E.g., 10/20/2017
E.g., 10/20/2017

Why Hide the Facts About Refugee Costs and Benefits?

Commentary
September 2017

Why Hide the Facts About Refugee Costs and Benefits?

Rilee Yandt/World Relief Spokane

No enterprise in the United States—or any market economy—could survive if it only counted the costs of doing business and ignored the benefits side of the ledger. But that is exactly how some Trump administration officials are insisting on evaluating the refugee resettlement program, according to a report in The New York Times this week.

White House officials opposed to refugee resettlement rejected a study by the Department of Health and Human Services (HHS), according to the Times, because it does not support their argument that resettlement is an unreasonable fiscal burden. Indeed, the 55-page draft shows the opposite, finding that refugees brought in $63 billion more revenue to federal, state, and local governments than they cost over the 2005-14 period surveyed. In place of this analysis, HHS submitted to the White House a three-page document that looked only at HHS expenditures on refugees (such as Medicaid), ignoring taxes paid by refugees and other receipts.

This three-page document can be viewed at best as a careful cherry-picking of statistics as the White House seeks to marshal its case for further deep cuts to the resettlement program. An announcement anticipated in the coming days could drop the fiscal 2018 ceiling well below the already historically low 50,000 level set earlier this year when President Trump slashed the 110,000 allocation for FY 2017 set under the prior administration.

The full HHS report, by contrast, is a well-researched, serious piece of work—far from the accusations of political motivation suggested by a White House spokesman who, without a trace of irony, attributed the leak of the report to someone with an “ideological agenda, not someone looking at hard data.”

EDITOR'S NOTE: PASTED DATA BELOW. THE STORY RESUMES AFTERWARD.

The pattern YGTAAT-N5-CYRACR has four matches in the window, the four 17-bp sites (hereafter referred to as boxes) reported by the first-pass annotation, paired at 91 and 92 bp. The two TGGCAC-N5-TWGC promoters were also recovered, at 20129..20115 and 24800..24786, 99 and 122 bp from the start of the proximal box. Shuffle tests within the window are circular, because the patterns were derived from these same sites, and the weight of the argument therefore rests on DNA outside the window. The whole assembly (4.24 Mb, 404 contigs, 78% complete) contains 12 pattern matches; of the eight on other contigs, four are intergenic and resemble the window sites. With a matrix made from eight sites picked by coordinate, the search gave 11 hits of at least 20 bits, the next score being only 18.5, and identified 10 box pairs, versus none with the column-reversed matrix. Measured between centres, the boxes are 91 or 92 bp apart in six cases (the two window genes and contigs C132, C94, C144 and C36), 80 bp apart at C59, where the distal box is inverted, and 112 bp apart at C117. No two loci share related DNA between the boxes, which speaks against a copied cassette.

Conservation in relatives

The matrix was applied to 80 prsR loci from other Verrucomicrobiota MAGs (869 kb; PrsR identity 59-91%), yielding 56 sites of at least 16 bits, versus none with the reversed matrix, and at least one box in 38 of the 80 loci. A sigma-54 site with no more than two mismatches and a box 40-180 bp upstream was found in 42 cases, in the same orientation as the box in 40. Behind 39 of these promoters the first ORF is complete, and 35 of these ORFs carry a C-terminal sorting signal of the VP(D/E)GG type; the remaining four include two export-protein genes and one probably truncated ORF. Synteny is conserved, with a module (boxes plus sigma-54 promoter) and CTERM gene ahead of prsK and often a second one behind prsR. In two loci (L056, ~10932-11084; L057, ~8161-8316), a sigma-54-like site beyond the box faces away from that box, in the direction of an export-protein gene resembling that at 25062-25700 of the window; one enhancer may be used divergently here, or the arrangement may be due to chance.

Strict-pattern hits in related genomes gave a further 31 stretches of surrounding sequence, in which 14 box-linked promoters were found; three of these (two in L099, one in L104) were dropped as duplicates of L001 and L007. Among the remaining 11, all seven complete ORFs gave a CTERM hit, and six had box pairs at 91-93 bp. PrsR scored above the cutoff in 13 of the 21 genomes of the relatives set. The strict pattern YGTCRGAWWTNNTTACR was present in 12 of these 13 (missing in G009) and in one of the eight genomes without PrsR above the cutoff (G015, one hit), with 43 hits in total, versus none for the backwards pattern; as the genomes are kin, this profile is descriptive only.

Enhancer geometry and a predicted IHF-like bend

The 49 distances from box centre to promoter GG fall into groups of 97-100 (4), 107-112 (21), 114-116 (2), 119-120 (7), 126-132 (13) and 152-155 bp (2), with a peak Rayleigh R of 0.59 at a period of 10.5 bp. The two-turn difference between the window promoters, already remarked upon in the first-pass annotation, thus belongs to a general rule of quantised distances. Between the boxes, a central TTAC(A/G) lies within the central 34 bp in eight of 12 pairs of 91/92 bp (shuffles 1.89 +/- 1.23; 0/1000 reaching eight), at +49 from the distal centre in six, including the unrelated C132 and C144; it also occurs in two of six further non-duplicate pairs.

The HHS report, however, does take an unbiased look at hard data. Mandated by an executive order Trump signed in January to conduct a study on the cost of the resettlement program at local, state, and national levels, HHS tasked the office of the Assistant Secretary for Planning and Evaluation (ASPE) with the assignment. ASPE is the nonideological research arm of HHS, and is not directly connected to the delivery of services to refugees or other populations.

The report relies upon the Transfer Income Model (TRIM), which has been used since 1973—under Republican and Democratic administrations alike—to produce credible estimates of public benefit use by certain U.S. populations as well as their tax payments. The model conducts microsimulations using the U.S. Census Bureau’s Current Population Survey (CPS), and has been refined over decades to accurately identify refugees and other immigrant populations, account for underestimation of benefits use, and model tax expenditures as well as contributions. It is the gold standard for modeling the contributions and costs of different populations, including immigrants and refugees.

Since almost all resettled refugees arrive in the United States with nothing, it is not surprising that in their first years here, they rely more heavily than U.S. citizens on public benefits. But our research at MPI shows that refugees integrate successfully, and that as their years of U.S. residence increase, their public benefits usage declines and income levels rise, approaching parity with the U.S.-born population. In fact, refugee men are more likely to work than U.S-born men, while refugee women work at the same rate as their U.S.-born counterparts.

The economic self-sufficiency that is the core goal of the U.S. refugee resettlement program is thus being met, as both the MPI and HHS reports attest. Refugees are not the fiscal burden that some in the White House suggest.

The Trump White House is not focused exclusively on the economic costs of refugees, however, arguing also that the resettlement program could provide a path for terrorist infiltration. The fact is that no refugee resettled in this country has ever killed an American (or foreign resident) in a terrorist attack on U.S. soil. In this respect, too, the administration chooses to ignore the facts and highlight nonexistent risks—while ignoring the benefits that refugees bring to the United States as a living demonstration of American values, support to our friends and allies, and U.S. leadership in the world—as well as remarkable cultural vibrancy. As the administration prepares to announce the refugee admissions ceiling for the next fiscal year, which starts October 1, it should publicly share the findings of the ASPE report. The American public deserves an honest and full accounting, so it can see for itself the costs and benefits of refugee resettlement.